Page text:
# For any $x\in\mathbb R$ and any positive integer $n$,$\$is $\left|\sum_{k=1}^n\frac{\sin{kx}}{k}\right|\le2\sqrt{\pi}$ true?

I'm interested in finding the min of constants $C$ such that $$\left|\sum_{k=1}^n\frac{\sin{kx}}{k}\right|\le C.$$

By using computer, I reached the following expectation:

$$\left|\sum_{k=1}^n\frac{\sin{kx}}{k}\right|\le2\sqrt{\pi}$$ for any $x\in\mathbb R$ and any positive integer $n$.

I can neither prove this nor find any counterexample even by using computer. If my expectation is true, then could you show me how to prove that? Also, please show me whether $2\sqrt{\pi}$ is the min of such $C$.

If it's not true, please show me the counterexample. I need your help.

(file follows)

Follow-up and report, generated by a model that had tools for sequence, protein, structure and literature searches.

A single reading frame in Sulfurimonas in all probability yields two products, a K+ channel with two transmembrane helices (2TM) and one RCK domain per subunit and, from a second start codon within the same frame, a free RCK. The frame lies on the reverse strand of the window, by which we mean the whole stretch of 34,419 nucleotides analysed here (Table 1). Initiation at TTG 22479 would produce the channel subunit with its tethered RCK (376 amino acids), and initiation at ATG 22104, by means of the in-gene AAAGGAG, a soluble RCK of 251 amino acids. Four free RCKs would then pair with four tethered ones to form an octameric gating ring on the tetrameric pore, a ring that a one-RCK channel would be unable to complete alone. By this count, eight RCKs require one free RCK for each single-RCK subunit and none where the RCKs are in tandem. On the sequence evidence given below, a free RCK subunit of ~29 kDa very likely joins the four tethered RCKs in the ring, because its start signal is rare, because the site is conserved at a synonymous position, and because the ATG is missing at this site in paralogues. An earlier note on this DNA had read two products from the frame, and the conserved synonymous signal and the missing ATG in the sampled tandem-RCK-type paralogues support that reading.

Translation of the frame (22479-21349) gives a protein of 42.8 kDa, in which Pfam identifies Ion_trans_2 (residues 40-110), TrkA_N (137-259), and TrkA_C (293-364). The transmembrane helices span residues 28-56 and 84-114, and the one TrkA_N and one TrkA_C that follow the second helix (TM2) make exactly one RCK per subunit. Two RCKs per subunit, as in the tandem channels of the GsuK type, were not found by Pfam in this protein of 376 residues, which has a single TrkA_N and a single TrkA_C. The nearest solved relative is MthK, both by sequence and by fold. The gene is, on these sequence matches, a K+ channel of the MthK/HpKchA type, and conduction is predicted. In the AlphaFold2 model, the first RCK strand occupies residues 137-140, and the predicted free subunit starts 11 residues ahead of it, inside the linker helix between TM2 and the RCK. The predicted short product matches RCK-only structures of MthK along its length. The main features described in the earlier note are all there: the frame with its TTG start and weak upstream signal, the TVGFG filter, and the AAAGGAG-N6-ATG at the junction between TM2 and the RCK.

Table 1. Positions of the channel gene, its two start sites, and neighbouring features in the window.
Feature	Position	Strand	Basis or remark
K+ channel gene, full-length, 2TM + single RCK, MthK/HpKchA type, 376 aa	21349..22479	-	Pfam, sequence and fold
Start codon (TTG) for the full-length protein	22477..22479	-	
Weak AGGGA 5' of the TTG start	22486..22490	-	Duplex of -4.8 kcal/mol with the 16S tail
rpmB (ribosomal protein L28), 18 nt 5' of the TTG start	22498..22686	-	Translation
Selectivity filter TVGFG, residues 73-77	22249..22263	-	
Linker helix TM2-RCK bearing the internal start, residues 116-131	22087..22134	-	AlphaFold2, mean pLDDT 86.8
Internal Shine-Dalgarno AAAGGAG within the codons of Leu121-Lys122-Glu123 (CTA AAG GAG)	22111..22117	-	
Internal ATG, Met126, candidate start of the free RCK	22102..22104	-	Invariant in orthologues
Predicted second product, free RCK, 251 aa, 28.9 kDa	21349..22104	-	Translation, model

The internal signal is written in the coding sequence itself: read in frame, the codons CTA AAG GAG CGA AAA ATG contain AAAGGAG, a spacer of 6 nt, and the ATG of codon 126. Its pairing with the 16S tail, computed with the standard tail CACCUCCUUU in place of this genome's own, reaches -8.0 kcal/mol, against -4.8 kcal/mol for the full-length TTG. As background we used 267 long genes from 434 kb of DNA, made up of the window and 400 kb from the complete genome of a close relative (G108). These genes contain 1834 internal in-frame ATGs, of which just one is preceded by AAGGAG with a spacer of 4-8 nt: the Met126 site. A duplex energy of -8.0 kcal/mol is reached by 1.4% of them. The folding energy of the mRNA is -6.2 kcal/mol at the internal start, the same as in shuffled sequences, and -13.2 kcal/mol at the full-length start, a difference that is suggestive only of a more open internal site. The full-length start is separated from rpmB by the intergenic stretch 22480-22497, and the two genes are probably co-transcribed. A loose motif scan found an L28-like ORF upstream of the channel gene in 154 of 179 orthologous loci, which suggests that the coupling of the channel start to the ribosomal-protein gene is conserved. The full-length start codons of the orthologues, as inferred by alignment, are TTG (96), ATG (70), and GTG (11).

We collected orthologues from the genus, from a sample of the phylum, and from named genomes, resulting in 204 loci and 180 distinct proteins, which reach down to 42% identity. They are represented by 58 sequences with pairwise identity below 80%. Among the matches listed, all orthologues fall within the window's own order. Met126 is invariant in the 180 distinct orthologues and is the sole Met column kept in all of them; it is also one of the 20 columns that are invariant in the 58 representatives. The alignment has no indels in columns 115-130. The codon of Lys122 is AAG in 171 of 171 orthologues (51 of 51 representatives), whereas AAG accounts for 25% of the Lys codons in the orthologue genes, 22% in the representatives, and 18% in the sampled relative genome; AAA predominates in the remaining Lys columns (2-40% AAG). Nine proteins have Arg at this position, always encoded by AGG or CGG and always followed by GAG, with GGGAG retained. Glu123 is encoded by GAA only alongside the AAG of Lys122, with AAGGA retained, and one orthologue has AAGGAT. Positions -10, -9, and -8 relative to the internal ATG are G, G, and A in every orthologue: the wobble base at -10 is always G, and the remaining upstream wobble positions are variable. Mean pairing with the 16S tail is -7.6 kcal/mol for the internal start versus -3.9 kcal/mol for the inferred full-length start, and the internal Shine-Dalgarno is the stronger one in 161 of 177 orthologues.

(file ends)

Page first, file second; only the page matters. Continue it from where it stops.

The best it is possible to state is: $$\left|\sum_{n=1}^N \frac{\sin(nx)}{n}\right|\leq\int_{0}^{1}\frac{\sin(\pi x)}{x}\,dx = 1.85194\ldots$$ Call $f_N(x)=\sum_{n=1}^N \frac{\sin(nx)}{n}$: it is a $2\pi$-periodic function converging to $\frac{\pi-x}{2}$ in $L_2\left([0,2\pi]\right)$. Since: $$\frac{d f_N(x)}{dx}= \frac{\cos\left(\frac{N+1}{2}x\right)\sin\left(\frac{N}{2}x\right)}{\sin\left(\frac{x}{2}\right)},$$ we know that $f_N(x)$ has $2n$ stationary points in $[0,2\pi]$, local maxima in $x=\frac{(2k+1)\pi}{N+1}$, the first one occurring in $x_N=\frac{\pi}{N+1}$. Once we prove that the value of $f_N(x)$ in any other local maximum is less than $f_N(x_N)$, and that $f_N(x_N)$ is an increasing sequence (I still must find a convincing proof of this two facts, but they look not too hard to deal with and strongly supported by computer inspection) the best bound we can hope in is: $$\left|\sum_{n=1}^N \frac{\sin(nx)}{n}\right|\leq\lim_{N\to +\infty}\sum_{n=1}^{N}\frac{\sin\left(\frac{\pi x}{N+1}\right)}{n},$$ where the RHS a Riemann sum associated with: $$\int_{0}^{1}\frac{\sin(\pi x)}{x}\,dx = 1.85194\ldots<\frac{13}{7},$$ QED.